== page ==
Vietnamese Savory Crepes (Bánh Xèo) – in Saigon

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Bánh Xèo - Vietnamese Crepe
Bánh Xèo – Vietnamese Savory Crepes

I hope you have enjoyed the last few posts on my travels around Vietnam to Hanoi, Halong Bay, Hue, Hoi An, and the Mekong Delta. It’s been exactly two months since I left Vietnam and I’m finally publishing the second to last post of this trip.

Remember my post on “A Different Kind of Bánh Tráng” where I had to ride a motorbike for the first time and I nearly sh*t in my pants? Apologies for the language but it was a rather scary experience where I thought I was going to die a couple deaths over. I much prefer the enclosed space of a car.

Well I was back on that same motorbike a week later when my mom’s friend suggested we go check out this place famous for its Bánh Xèo. This guy apparently knows all the best places in Saigon. So despite my dislike for Bánh Xèo, I decided to go along for the ride again. I fared better this time and didn’t try to squeeze the living daylights out of my driver but it was still a nerve-wracking experience.

Bánh Xèo is often referred to as a Vietnamese savory crepe or Vietnamese pancake. Northern, central, and southern Vietnamese will make Bánh Xèo with slight differences but generally the batter is made with rice flour, water, turmeric, and sometimes coconut milk.

Banh Xeo

Southern-style Bánh Xèo tend to be larger, thinner, and dare I say crispier, than the other regions. However, the ones at the restaurant we went to seemed to be XXL but I’m no Bánh Xèo expert so perhaps that’s normal-size.

Ngoc Son restaurant (in District 5 of Saigon) has been around for more than 20 years and was bustling when we arrived around 8:00pm. The kitchen overlooks the street and has six large woks dedicated to making Bánh Xèo with one for other fried goodies like spring rolls (Cha Gio) and…

Banh Xeo Restaurant Saigon

…these muffin things (they contained shrimp and other fillings) which we ordered but I found it bland and didn’t like the texture:

Banh Xeo Restaurant 6

We were shown a table in the upstairs dining room and the first thing that came to my mind was that this used to be someone’s home before it was turned into a restaurant.

But that’s fairly typical of most places we’ve dined at.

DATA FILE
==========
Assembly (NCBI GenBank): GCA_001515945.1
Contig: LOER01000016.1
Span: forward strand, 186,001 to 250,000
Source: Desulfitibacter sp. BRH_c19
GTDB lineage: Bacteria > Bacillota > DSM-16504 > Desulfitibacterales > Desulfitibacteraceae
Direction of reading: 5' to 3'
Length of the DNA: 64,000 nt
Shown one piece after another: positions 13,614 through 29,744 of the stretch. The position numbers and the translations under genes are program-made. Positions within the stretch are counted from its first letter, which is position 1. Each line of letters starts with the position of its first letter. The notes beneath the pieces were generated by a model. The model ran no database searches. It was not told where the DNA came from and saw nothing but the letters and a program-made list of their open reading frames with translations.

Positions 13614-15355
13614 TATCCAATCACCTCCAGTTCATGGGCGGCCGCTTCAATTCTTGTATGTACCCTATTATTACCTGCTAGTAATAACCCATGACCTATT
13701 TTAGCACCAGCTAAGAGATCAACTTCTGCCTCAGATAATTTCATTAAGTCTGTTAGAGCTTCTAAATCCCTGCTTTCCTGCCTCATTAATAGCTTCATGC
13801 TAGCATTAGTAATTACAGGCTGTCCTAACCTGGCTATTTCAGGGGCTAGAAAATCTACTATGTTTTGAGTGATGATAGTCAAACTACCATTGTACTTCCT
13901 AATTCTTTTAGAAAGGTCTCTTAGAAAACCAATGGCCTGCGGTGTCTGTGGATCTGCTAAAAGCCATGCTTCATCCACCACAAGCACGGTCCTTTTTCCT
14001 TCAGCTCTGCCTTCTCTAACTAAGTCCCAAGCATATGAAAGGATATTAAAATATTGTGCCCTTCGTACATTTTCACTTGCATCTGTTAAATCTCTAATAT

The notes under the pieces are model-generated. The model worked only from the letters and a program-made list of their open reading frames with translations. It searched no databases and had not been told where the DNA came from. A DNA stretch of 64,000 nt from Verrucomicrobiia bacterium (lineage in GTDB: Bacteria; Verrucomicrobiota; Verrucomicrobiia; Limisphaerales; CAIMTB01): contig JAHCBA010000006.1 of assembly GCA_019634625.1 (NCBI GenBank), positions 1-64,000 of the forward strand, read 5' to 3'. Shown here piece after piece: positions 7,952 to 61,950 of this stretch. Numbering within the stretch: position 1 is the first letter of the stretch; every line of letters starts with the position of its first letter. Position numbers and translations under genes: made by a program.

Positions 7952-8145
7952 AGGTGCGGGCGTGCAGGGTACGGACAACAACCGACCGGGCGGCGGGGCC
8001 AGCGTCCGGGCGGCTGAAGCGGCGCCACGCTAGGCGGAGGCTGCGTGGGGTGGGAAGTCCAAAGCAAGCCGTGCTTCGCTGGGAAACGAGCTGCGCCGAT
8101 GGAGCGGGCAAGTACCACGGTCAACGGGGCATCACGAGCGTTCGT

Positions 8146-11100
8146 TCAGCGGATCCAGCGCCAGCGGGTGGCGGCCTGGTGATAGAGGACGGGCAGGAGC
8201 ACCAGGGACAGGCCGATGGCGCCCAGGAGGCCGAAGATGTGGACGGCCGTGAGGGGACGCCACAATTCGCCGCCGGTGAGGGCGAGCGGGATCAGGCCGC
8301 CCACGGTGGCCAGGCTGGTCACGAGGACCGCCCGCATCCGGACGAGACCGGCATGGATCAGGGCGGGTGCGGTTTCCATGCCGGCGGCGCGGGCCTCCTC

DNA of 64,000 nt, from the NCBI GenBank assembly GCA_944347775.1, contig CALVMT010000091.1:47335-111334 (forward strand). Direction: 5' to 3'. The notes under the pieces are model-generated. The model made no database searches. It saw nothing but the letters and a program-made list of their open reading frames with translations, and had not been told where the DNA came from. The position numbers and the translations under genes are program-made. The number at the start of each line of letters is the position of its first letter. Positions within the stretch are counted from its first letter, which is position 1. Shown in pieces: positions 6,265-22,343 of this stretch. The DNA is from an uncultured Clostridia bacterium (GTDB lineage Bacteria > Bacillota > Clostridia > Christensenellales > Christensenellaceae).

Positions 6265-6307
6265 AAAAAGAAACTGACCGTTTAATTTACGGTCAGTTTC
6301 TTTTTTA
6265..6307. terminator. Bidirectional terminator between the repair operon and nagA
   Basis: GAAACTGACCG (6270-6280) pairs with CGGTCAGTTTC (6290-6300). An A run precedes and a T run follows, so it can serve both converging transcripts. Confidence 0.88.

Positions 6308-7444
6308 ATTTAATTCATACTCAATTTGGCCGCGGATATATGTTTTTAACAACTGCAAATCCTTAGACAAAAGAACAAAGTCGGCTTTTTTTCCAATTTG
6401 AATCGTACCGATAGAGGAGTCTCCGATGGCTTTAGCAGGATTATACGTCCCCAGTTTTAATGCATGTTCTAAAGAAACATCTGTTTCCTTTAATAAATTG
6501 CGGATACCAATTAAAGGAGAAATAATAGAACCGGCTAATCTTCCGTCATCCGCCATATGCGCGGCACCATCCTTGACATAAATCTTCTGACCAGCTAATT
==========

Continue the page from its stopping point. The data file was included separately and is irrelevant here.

Banh Xeo 8

As we sat down at the stainless steel chairs and tables, I was mesmerized by the amount of food at the table next to ours and at the size of those Bánh Xèo:

Banh Xeo Restaurant 5

The savory fillings for Bánh Xèo are traditionally pork, shrimp and bean sprouts. Lots of bean sprouts. Always lots of bean sprouts. Just, lots.

But here was something new: Shrimps with their shell still on. I stared at them for a while and wondered why would anyone put shell-on shrimp inside a crepe.

But just like soft-shell crab with their edible shell, these shrimp could also be eaten with their shell on. Soft-shell shrimp, I guess you could call them. They tasted like shrimp but better and with a slight crunch but nothing hard to get stuck to the teeth.

Bánh Xèo 3
Bánh Xèo fillings

Now the Bánh Xèo are not eaten as is.

There is an assembly process involved like eating a summer roll. But instead of rice paper, a large lettuce leaf is used.

On top of the lettuce leaf goes fresh herbs like Asian basil, purple perilla, and mint. Then everything is rolled up inside the leaf and dipped into the accompanying nuoc cham (Vietnamese fish sauce mixed with garlic, lemon, sugar, and chillis).

Banh Xeo - How to Assemble

Fresh herb basket for the Bánh Xèo assembly:

Fresh Herb Basket
Fresh Herb Basket

I was tentative to try the Bánh Xèo as I never enjoyed it in the US. For some unknown reason, eating Bánh Xèo always gave me a sore throat.

Weird, right?

I don’t know if it is the oil that is used in the pan-frying or the spice packet (my mom uses a ready-made Bánh Xèo flour mix and I wonder if restaurants do so as well) but something irritates my throat so I’ve always been put-off by the dish ever since I was a small child.

But I was able to eat the Bánh Xèo at Ngoc Son restaurant with no problems at all and happily enjoyed all the flavors and fillings.

In case those gigantic crepes weren’t enough for our hungry bellies, we also ordered summer rolls, spring rolls, soup, and those muffin things.

Vietnamese Summer Rolls
Vietnamese Summer Rolls


Cha Gio - Vietnamese Fried Spring Rolls
Cha Gio – Vietnamese Fried Spring Rolls


Cha Gio - Vietnamese Fried Spring Rolls
Cha Gio – Vietnamese Fried Spring Rolls

How much would you expect to pay for all this food?

Ngoc Son Restaurant - Receipt
Ngoc Son Restaurant – Receipt

We were four adults and one child and the bill came to 262,000 VND = US$12.60!

*   *   *   *   *

Ngoc Son Restaurant: 103 Ngo Quyen, P11, District 5, Saigon, Phone; +84 8 8537486.

View Ngoc Son Restaurant for Banh Xeo in a larger map

Ngoc Son Restaurant - Saigon


Ngoc Son Restaurant - Saigon

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  1. Have you had dosa? If not let me know if you want to try one of the great South Indian restaurants in Karama before Ramadan. Breakfast, lunch or dinner. Am sure wee Scotch would also enjoy!

    1. Oh! I remember having Mhalla at your house and how light and delicious it was. If I ever get the hang of making Banh Xeo, I will be sure to invite you over to try a Halal version of it.

  2. I am so sad that this is the second last post on Vietnam… have been loving your posts so much. This Bahn Xeo looks so so yummy and your photographs capture everything so vividly. Fantastic and please don’t stop!